Solved

Access - Remove Duplicates on Different Rows

Posted on 2011-03-09
6
260 Views
Last Modified: 2012-05-11
Hi,

In the attached file, I am attempting to create two separate tables from the source table:

1. Duplicate information - but on different rows (Green Rows)
2, Same information (Pink Rows)

In 1., please ignore that the field sequence (i.e. 1 or 2) exists, and examine only the information in the fields. In this case, the information is the same, only that the information changes from the first part of the row to the second part of the row and vice versa in rows 1 and 4.

In rows 2. and 3., please note that the information contained is not the same.

Thank you.


Duplicates---Different-Rows.xlsx
0
Comment
Question by:tahirih
[X]
Welcome to Experts Exchange

Add your voice to the tech community where 5M+ people just like you are talking about what matters.

  • Help others & share knowledge
  • Earn cash & points
  • Learn & ask questions
  • 4
  • 2
6 Comments
 
LVL 84

Accepted Solution

by:
Scott McDaniel (Microsoft Access MVP - EE MVE ) earned 500 total points
ID: 35087799
That's an Excel spreadsheet. What's the relationship with Access? Are you moving that data into Access? Or is this just an illustration of your data in Access

If so, the simplest way to manage that is to move the data into a Temporary table and then use standard SQL to determine duplicates. I'm not sure how you would define "duplicates" for this data, but if you're looking for matches against ALL data,  you'd have to do this:

1) Build a table hosting ALL data. Make sure to include an AutoNumber Primary key field.
2) Build a recordset loop that will examine all data on a record-by-record basis:

Dim rst As DAO.Recordset
Dim rstMatch as DAO.Recordset

Set rst = DAO.OpenRecordset("SELECT * FROM YourTable")

Do Until rst.EOF
  Set rstMatch = "SELECT * FROM YourTable WHERE Field1=" & rst("Field1") & " AND Field2=" & rst("Field2") & " AND YourPrimaryKeyField <> " & rst("YourPrimaryKeyField"))
  If (rstMatch.EOF and rstMatch.BOF) Then
    '/there was no match
  Else
    '/there was a match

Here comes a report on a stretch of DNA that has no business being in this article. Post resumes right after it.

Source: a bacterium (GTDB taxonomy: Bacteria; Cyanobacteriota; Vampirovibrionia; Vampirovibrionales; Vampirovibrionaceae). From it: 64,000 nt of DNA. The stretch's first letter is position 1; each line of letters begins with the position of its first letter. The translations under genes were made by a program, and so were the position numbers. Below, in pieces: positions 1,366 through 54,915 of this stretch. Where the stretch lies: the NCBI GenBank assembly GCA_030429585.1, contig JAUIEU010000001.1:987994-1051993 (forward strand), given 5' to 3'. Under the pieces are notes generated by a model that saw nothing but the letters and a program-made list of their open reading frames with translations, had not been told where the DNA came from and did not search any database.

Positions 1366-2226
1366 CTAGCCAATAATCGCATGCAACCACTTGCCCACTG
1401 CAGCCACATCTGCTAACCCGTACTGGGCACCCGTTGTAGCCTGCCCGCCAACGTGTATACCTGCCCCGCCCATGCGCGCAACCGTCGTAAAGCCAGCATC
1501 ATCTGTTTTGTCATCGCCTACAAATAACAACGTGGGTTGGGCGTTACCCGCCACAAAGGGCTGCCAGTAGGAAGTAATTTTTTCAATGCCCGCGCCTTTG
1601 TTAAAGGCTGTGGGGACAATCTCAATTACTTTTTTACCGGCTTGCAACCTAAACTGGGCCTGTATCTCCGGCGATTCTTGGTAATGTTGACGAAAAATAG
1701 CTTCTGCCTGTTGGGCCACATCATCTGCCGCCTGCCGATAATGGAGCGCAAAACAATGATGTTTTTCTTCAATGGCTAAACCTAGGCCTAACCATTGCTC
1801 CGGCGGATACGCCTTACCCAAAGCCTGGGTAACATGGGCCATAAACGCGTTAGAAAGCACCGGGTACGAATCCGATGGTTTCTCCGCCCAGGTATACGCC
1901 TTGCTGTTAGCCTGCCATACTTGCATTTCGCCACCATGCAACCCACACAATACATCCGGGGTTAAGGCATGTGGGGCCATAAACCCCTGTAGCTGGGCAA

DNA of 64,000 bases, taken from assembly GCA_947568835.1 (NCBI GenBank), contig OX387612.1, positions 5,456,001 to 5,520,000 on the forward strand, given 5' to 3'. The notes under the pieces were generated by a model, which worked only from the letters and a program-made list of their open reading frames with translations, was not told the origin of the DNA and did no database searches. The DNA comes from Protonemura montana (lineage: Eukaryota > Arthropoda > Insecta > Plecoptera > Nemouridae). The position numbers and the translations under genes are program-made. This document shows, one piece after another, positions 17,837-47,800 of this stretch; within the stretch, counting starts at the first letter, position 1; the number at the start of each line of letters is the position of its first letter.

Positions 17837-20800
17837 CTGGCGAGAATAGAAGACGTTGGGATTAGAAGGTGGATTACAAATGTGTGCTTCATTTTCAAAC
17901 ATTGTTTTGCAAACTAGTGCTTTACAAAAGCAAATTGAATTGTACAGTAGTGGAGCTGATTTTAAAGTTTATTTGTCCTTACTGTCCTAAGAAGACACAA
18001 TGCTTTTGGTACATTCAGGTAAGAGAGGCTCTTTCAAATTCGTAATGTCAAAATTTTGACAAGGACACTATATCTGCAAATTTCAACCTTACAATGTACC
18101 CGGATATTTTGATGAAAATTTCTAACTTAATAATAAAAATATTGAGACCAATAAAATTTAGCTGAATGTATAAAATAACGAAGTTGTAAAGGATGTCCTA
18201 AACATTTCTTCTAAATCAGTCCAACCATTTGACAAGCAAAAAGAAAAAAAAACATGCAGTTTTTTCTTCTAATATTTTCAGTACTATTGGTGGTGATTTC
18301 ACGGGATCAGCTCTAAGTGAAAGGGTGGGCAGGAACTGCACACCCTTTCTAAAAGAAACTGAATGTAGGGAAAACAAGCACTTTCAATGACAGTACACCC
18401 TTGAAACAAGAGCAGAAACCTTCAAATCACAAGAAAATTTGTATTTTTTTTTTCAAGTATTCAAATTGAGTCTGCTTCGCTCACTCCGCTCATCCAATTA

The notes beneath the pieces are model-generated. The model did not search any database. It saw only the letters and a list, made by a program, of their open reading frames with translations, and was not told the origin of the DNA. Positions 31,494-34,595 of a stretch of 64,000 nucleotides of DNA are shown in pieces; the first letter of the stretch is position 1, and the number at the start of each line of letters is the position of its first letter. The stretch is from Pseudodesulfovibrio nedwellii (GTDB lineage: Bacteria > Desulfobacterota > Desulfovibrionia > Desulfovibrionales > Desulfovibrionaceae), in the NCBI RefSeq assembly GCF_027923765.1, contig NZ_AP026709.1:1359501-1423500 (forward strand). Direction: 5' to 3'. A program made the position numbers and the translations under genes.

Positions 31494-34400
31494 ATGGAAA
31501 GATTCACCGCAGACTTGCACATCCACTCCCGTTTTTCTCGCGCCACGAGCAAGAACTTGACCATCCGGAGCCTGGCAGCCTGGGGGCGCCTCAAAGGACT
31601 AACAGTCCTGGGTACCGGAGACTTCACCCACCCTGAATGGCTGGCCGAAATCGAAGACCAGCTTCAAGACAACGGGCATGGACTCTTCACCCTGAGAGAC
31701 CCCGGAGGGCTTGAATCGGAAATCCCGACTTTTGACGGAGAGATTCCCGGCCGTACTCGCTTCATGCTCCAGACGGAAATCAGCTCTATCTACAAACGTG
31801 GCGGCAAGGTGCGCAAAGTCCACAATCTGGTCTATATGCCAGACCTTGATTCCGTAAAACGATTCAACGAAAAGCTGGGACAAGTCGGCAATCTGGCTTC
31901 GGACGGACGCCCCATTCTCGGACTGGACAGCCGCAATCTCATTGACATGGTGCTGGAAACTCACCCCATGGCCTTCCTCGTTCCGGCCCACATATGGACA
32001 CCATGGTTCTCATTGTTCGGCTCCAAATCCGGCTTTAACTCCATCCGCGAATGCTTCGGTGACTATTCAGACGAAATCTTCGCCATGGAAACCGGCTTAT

End If
 
  rst.MoveNext
Loop
 
You would obviously have to modify the SQL statements to match your own tables and fields. Also, if the fields are Text values, you must enclose them in single quotes (see Field1 below) and if they're Dates, you'll have to use hash marks (see Field2 below):

Set rstMatch = "SELECT * FROM YourTable WHERE Field1='" & rst("Field1") & "' AND Field2=#" & rst("Field2") & "# AND YourPrimaryKeyField <> " & rst("YourPrimaryKeyField"))


0
 

Author Comment

by:tahirih
ID: 35088461
Thank you LSM - I also thought of another way - I will attempt both.

I appreciate your patience as I work on this.
0
 

Author Comment

by:tahirih
ID: 35089572
I am not having any luck,

Please find the original table attached. Columns A and E are the first hierarchy, Columns B and F are the second hierarchy. We want to find rows where the values in C and F are different, based on these hierarchies.

That is, A, B, and C are one table

D, E, and F are from the second source table. Are the values in F(D and E) reclassified in different hierarchies based on the values in C (A and B).

Thank you


Duplicates---Different-Rows-2.xlsx
0
Back Up Your Microsoft Windows Server®

Back up all your Microsoft Windows Server – on-premises, in remote locations, in private and hybrid clouds. Your entire Windows Server will be backed up in one easy step with patented, block-level disk imaging. We achieve RTOs (recovery time objectives) as low as 15 seconds.

 
LVL 84
ID: 35094137
You're still posting an Excel file - are you doing this in Excel?

Have you imported this to Access? If so, can you upload that file and indicate what you've tried so far.

How would you compare (A, B, C) with the data in (D, E, F)? In other words, what columns in (A, B, C) would I attempt to "match" in the columns (D, E, F)? For example, are you trying to match the values of (A, B) with the value of (D, E), and then see if the values of C and F are identical?

F and C don't have any similarties, at least as far as I can see. B and F seem to have similarties.
0
 

Author Comment

by:tahirih
ID: 35096036
I appreciate your time LSM, but at this stage, I am going to break the table into smaller tables and analyze.

Thank you very much.
0
 

Author Closing Comment

by:tahirih
ID: 35096043
Thank you.
0

Featured Post

The Eight Noble Truths of Backup and Recovery

How can IT departments tackle the challenges of a Big Data world? This white paper provides a roadmap to success and helps companies ensure that all their data is safe and secure, no matter if it resides on-premise with physical or virtual machines or in the cloud.

Question has a verified solution.

If you are experiencing a similar issue, please ask a related question

Access custom database properties are useful for storing miscellaneous bits of information in a format that persists through database closing and reopening.  This article shows how to create and use them.
This article describes a method of delivering Word templates for use in merging Access data to Word documents, that requires no computer knowledge on the part of the recipient -- the templates are saved in table fields, and are extracted and install…
In Microsoft Access, learn the trick to repeating sub-report headings at the top of each page. The problem with sub-reports and headings: Add a dummy group to the sub report using the expression =1: Set the “Repeat Section” property of the dummy…
In Microsoft Access, when working with VBA, learn some techniques for writing readable and easily maintained code.

749 members asked questions and received personalized solutions in the past 7 days.

Join the community of 500,000 technology professionals and ask your questions.

Join & Ask a Question